Paul further describes James as being one of the persons to whom the risen Christ showed himself (1 Corinthians 15:3–8); later in 1 Corinthians, Paul mentions James in a way that suggests James had been married (9:5); and in Galatians, Paul lists James with Cephas (better known as Peter) and John as the three "pillars" of the Church (2:9), and who will minister to the "circumcised" (in general Jews and Jewish Proselytes) in Jerusalem, while Paul and his fellows will minister to the "uncircumcised" (in general Gentiles)(2:12). These terms (circumcised/uncircumcised) are generally interpreted to mean Jews and Greeks, who were predominant; however, this is an oversimplification as 1st century Iudaea Provincemarker also had some Jews who no longer circumcised, and some Greeks (called Proselytes or Judaizers) and others such as Egyptians, Ethiopians, and Arabs who did.

When Peter, having miraculously escaped from prison, must flee Jerusalem due to Herod Agrippa's persecution, he asks that James be informed (Acts 12:17).

When the Christians of Antiochmarker were concerned over whether Gentile Christians need be circumcised to be saved, they sent Paul and Barnabas to confer with the Jerusalem church. James played a prominent role in the formulation of the council's decision (Acts 15:13ff). James was the last named figure to speak, after Peter, Paul and Barnabas; he delivered what he calls his "decision" ( NRSV)— the original sense is closer to "opinion". He supported them all in being against the requirement (Peter had cited his earlier revelation from God regarding Gentiles), and suggested prohibitions about eating blood as well as meat sacrificed to idols and fornication. This became the ruling of the Council, agreed upon by all the apostles and elders, and sent to the other churches by letter.

When Paul arrives in Jerusalem to deliver the money he raised for the faithful there, it is to James that he speaks, and it is James who insists that Paul ritually cleanse himself at Herod's Temple to prove his faith and deny rumors of teaching rebellion against the Torah (Acts 21:18ff) (a charge of antinomianism).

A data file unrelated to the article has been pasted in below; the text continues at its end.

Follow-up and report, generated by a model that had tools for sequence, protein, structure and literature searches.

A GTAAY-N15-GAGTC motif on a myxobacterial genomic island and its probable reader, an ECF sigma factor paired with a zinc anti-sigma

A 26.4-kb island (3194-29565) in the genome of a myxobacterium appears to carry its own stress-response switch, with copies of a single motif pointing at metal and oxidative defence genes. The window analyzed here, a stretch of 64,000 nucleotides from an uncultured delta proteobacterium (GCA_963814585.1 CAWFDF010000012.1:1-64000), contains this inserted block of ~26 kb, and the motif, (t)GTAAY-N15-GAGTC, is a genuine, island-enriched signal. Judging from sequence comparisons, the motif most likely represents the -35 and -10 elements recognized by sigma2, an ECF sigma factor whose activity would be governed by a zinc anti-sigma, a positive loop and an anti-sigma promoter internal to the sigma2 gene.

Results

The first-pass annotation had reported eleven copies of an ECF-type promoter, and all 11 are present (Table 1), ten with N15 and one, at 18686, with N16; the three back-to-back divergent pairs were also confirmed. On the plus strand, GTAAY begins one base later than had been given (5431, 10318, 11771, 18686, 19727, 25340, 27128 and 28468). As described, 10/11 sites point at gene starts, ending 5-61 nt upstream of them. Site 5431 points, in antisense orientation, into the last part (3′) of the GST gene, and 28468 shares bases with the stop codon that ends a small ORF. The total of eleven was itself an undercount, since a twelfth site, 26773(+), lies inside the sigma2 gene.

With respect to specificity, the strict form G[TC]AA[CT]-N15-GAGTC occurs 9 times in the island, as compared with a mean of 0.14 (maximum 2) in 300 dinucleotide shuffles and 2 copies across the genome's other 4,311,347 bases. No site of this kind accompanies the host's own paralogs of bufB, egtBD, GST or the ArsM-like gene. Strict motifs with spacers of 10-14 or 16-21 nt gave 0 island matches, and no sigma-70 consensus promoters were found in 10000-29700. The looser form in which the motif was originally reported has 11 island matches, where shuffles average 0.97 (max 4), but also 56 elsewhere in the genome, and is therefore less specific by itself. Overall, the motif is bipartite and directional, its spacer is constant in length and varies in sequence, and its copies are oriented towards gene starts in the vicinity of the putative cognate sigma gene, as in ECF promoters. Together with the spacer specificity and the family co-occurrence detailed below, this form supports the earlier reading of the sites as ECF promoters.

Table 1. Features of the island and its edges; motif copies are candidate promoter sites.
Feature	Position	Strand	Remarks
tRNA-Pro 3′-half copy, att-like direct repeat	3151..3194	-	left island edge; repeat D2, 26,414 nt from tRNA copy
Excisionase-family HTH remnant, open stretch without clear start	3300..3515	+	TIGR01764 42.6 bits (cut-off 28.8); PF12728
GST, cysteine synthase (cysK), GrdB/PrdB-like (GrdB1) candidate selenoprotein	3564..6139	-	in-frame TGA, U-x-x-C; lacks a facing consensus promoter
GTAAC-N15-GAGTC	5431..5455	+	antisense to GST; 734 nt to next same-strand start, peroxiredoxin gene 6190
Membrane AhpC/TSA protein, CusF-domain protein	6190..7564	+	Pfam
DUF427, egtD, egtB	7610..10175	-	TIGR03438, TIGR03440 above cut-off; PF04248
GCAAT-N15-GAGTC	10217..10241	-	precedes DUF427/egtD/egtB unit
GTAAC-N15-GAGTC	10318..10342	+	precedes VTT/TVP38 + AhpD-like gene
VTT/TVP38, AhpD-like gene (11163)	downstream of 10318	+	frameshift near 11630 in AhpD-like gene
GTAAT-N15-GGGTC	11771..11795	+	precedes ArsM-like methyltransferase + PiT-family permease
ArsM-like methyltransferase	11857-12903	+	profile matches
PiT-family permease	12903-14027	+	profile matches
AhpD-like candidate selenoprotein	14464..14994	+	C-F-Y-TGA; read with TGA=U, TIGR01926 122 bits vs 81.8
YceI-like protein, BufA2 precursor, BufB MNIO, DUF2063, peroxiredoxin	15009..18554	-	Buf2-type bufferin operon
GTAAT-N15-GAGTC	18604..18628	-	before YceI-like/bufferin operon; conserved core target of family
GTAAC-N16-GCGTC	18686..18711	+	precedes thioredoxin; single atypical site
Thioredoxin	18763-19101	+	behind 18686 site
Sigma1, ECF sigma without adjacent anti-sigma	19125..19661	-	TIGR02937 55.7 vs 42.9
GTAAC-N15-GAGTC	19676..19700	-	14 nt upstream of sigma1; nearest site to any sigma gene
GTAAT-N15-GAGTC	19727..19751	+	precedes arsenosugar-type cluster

Tradition, supported by inferences in Scripture, holds that James led the Jerusalem group as its first bishop or patriarch. This is not necessarily a point against the primacy of Peter in the early Church, and subsequently Roman Catholicism. Though James and not Peter was the first bishop of that group, Roman Catholics believe the bishop of Jerusalem was not by that fact the head of the Christian church, since the leadership rested in Peter as the "Rock" and "Chief Shepherd". John Chrysostom opined: "If anyone should say, 'Why then was it James who received the See of Jerusalem?' I should reply that he [Christ] made Peter the teacher not of that See, but of the world." It has been suggested that Peter entrusted the Jerusalem community to James when he was forced to leave Jerusalem. According to the Church historian Eusebius, Clement of Alexandria in the late second century stated the following concerning the appointment of James to the Jerusalem episcopacy, "For they say that Peter and James and John after the ascension of our Saviour, as if also preferred by our Lord, strove not after honor, but chose James the Just bishop of Jerusalem".(See the Early Church Fathers and Jerome)


According to a passage in Josephus's Jewish Antiquities, (xx.9) "the brother of Jesus, who was called Christ, whose name was James" met his death after the death of the procurator Porcius Festus, yet before Lucceius Albinus took office (Antiquities 20,9) — which has thus been dated to 62. The High Priest Ananus ben Ananus took advantage of this lack of imperial oversight to assemble a Sanhedrin (although the correct translation of the Greek 'synhedion kriton' is 'a council of judges') who condemned James "on the charge of breaking the law," then had him executed by stoning. Josephus reports that Ananus' act was widely viewed as little more than judicial murder, and offended a number of "those who were considered the most fair-minded people in the City, and strict in their observance of the Law," who went as far as meeting Albinus as he entered the province to petition him about the matter. In response, King Agrippa replaced Ananus with Jesus, the son of Damneus.

Though the passage in general is almost universally accepted as original to Josephus, some challenge the identification of the James whom Ananus had executed with James the Just, considering the words, "who was called Christ," a later interpolation. (See Josephus on Jesus.)